Yet, in the last act, it is not the tigers that triumph. The ultimate destroyer in that chain of hungry bellies and ravening jaws is no creature of the sea but man himself, out after shark-flesh in those innocently smiling waters.

Thirty-five years ago, the Gilbertese were beginning to use steel hooks for shark-fishing; but there were many who still claimed that the old-style twelve-inch ironwood hook, trained to the right shape on the living tree, was the only thing for tiger-shark. A twig of the tree (pemphis acidula) was bent so that it recurved upon itself, and left to grow lashed in that position for a year or two. When it was rather more than half an inch thick, it was cut and fashioned for service. The outstanding virtue of this gigantic instrument was that it could be grown with magic, trained with magic, cut with magic, and trimmed with magic. Good luck for the fisherman and bad luck for the shark could be poured into it at every stage of its manufacture, whereas a steel hook bought from a trade-store could only be page 111magicked once, as a finished article. According to the old men, nobody but folk ignorant of the proper spells would ever dream of using anything but ironwood.

A three-foot length of plaited hair from the head of the fisher's wife or daughter made the trace for an old-style hook, and the line was a coconut-fibre rope as thick as a man's forefinger. The shark-hunter was not out for sport; he wanted nothing but dead shark. His gaff was not a gaff, but a glorious club with a ten-pound rock for its head. And it was not for simple fun that he did his fishing from a canoe not much longer than a man; the basic reason was that he could not handle the line himself; if he did, the bite of any sizeable shark would snatch him flying into the sea. He had to make the line fast to the middle of his craft; and that spelt a small canoe, because the resistance of a big one to the first furious jerks of his catch would tear the hull apart.

I imagine the broad technique of it is still very much as it used to be in those days. The fisher paddles out in his cockleshell, baits his hook, whether ironwood or steel, with a couple of pounds of almost any kind of offal, lets it hang from amidships on two or three fathoms of line, and drifts waiting for a bite, his club beside him. A big one takes the hook. The quiet canoe gives a sudden lurch and starts careering round in mad little circles; or it bounces insanely up and down; or it zig-zags like a misdirected rocket; or it rushes off in a straight line, forwards or backwards as the case may be, at sizzling speed, the fisherman holding on grimly whatever it does. Half a dozen small craft milling around like that all at the same time, without visible means of propulsion, make a wildly eccentric sight from the shore. But the fury of a tiger-shark's struggles soon exhausts it. It floats limply to the surface and then comes the high moment of the fisherman's day. He hauls the spent brute cautiously alongside and, letting out one piercing howl of pleasure, cracks it on the nose with his trusty club. That is the only part of the business, I think, that affords him anything like the savage thrill that civilized sportsmen get out of killing things.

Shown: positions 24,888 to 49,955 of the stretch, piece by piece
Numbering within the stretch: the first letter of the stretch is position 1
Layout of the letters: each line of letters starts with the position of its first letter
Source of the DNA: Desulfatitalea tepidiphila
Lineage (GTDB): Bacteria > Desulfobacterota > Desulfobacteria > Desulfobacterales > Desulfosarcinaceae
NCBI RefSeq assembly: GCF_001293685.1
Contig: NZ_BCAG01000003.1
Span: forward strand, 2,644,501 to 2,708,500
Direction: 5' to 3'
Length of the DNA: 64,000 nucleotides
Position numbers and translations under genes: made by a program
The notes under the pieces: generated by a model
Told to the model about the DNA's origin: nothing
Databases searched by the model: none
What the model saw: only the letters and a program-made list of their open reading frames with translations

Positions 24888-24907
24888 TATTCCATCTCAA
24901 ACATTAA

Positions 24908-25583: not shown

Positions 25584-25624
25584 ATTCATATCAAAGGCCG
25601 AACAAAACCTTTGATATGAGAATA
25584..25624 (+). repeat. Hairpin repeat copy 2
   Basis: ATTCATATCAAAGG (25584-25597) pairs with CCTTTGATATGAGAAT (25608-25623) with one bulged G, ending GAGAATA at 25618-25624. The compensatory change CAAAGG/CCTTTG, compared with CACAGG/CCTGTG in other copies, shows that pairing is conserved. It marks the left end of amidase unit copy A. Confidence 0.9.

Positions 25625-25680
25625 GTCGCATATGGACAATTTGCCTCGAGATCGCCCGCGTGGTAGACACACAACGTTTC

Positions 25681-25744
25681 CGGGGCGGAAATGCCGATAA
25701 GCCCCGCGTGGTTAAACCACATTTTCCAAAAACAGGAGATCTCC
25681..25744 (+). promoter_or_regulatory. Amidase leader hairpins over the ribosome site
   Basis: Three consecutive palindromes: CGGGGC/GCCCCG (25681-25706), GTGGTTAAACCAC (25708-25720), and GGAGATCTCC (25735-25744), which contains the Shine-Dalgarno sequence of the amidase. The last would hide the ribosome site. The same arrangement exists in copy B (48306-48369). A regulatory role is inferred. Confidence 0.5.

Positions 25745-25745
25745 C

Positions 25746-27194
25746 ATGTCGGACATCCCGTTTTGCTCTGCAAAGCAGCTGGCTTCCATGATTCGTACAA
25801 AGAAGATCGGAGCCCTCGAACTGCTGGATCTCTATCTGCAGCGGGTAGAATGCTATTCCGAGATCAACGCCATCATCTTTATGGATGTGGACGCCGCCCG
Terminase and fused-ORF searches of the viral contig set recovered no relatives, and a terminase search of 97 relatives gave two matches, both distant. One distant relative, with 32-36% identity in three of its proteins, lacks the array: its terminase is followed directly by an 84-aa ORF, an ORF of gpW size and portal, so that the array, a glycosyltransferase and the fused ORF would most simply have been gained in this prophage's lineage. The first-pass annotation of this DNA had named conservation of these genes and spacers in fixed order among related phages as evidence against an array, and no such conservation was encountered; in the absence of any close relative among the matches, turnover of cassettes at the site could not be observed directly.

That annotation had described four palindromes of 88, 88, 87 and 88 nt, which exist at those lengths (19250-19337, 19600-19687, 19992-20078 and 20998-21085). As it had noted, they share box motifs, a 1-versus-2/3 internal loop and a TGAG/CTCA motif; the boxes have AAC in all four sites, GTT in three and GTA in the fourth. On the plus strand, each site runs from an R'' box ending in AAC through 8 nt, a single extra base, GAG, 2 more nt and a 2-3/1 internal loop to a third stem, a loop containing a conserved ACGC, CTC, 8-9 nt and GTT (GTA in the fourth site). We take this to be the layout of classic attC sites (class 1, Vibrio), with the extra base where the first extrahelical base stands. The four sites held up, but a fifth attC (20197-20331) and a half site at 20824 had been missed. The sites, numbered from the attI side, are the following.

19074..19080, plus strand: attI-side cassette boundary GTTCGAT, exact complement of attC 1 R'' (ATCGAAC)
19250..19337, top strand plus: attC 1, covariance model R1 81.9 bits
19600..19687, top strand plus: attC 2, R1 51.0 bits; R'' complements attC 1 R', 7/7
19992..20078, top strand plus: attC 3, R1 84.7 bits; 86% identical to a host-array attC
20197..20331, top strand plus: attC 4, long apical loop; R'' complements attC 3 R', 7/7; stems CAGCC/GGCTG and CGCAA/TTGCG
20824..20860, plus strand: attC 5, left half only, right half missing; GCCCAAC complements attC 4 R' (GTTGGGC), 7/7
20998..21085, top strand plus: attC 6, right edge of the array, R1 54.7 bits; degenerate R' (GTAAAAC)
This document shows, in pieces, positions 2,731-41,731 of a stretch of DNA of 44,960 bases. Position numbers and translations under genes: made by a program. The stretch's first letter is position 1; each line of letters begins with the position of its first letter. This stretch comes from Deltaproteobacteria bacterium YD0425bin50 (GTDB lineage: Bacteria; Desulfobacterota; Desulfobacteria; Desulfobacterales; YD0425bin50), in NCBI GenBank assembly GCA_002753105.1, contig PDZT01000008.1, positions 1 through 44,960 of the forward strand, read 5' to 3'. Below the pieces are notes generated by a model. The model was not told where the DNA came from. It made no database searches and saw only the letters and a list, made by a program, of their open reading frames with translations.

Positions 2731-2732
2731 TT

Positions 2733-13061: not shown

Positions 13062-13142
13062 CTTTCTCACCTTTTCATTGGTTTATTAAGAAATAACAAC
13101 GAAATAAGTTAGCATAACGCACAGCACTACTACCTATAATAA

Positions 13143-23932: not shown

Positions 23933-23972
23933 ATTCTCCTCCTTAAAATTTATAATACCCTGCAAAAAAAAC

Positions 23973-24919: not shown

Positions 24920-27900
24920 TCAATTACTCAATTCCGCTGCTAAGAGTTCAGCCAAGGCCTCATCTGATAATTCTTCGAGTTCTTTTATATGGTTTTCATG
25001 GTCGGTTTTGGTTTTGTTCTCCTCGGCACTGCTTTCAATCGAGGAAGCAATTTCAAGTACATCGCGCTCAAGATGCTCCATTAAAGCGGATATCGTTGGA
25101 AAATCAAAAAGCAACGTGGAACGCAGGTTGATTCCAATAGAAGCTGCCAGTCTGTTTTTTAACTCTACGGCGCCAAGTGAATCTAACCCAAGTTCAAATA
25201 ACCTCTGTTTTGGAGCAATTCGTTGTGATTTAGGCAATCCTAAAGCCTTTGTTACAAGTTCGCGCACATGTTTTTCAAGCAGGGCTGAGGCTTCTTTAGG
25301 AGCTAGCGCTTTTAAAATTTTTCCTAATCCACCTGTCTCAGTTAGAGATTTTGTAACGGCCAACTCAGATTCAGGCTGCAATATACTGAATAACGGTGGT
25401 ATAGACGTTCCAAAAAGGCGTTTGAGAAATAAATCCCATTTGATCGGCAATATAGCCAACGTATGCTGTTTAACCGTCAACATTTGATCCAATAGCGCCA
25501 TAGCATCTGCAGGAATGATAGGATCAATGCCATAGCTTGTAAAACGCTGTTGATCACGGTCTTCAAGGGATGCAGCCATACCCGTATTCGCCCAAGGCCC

But although safety first is the rule when tiger-shark are about in numbers, plenty of Gilbertese are ready to fight a lone prowler in its own element. Owing to his great girth, a tiger cannot turn page 112quickly; once launched on its attack, it thunders straight forward like a bull; there lies the hunter's advantage in single combat. Out sailing with a Tarawa friend one day, I pointed out a cruising dorsal fin. 'That's a tababa,' he said, 'watch me kill him.'

We lowered sail and drifted. He slid overboard with his knife and paddled around waiting to be noticed. He soon was. The fin began to circle him, and he knew he was being stalked; he trod water; it closed in gradually, lazily to fifteen yards.

He held his knife right-handed, blade down, the handle just above the water, his crooked right elbow pointed always towards the gliding fin. He would have a split second to act in when the charge came. It came from ten yards' range. There was a frothing swirl; the fin shot forward like an arrow; the head and shoulders of the brute broke surface, rolling as they lunged. My friend flicked aside in the last blink of time and shot his knife into the upswinging belly as it surged by. His enemy's momentum did the rest. I saw the belly rip itself open like a zip-fastener, discharging blood and guts. The tiger disappeared for a while, to float up dead a hundred yards off.